Digital advertising is clearly an important part of an overall marketing strategy, but it’s not without its risks, as a massive online scam orchestrated by Russian cybercriminals illustrates. First revealed in December by anti-fraud group White Ops, the scam is breathtaking in its scope and the amount of money involved.
Advertisers thought they were paying for ad impressions on real sites, when, in fact, they were actually paying for fake impressions on fake sites. The impressions were worthless because no human eyes ever watched any of the videos. As of December, the scam was costing U.S. advertisers a reported $3 to $5 million each day.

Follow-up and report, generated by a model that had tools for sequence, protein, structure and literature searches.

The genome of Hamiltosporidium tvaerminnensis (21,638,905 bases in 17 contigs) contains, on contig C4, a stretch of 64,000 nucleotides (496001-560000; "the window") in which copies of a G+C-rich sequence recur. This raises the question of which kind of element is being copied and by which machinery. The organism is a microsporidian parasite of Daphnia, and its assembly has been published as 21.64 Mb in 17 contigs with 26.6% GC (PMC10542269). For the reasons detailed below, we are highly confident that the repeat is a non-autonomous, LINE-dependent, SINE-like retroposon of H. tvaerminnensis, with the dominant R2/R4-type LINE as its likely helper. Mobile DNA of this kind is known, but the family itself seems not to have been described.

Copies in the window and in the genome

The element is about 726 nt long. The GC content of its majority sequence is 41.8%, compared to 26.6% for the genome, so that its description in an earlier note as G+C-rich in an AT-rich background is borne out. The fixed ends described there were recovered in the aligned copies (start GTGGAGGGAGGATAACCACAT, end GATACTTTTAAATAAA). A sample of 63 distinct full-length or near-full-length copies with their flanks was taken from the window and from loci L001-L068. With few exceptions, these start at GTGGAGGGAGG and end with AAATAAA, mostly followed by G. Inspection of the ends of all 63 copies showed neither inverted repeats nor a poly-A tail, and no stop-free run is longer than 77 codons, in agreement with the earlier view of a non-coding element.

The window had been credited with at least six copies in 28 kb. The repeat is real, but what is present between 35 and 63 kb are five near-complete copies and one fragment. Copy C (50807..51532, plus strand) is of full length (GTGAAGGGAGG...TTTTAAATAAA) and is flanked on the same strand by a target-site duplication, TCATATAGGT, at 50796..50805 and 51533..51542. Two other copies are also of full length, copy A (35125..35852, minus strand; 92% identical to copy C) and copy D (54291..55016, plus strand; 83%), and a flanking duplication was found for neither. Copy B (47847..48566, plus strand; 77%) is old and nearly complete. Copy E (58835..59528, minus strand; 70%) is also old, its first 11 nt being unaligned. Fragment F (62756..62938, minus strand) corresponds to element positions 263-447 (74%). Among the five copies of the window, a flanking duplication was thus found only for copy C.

Here’s how it works: Evidently, the cybercriminals acquired 600,000 IP addresses and matched them with legitimate service providers to make the addresses look like real Internet users. They then set up a bunch of counterfeit websites that looked just like the real things (examples include ESPN, Huffington Post, Fortune, Vogue, Fox News and many more) and sold video ad space on them. Once the ads were live, they had the IP addresses generate millions of pay-per-click video ad impressions each day.
It goes to show that in many ways, the Internet and digital advertising are still uncharted territory. Until security can be improved, marketers would be advised to remain cautious when advertising online.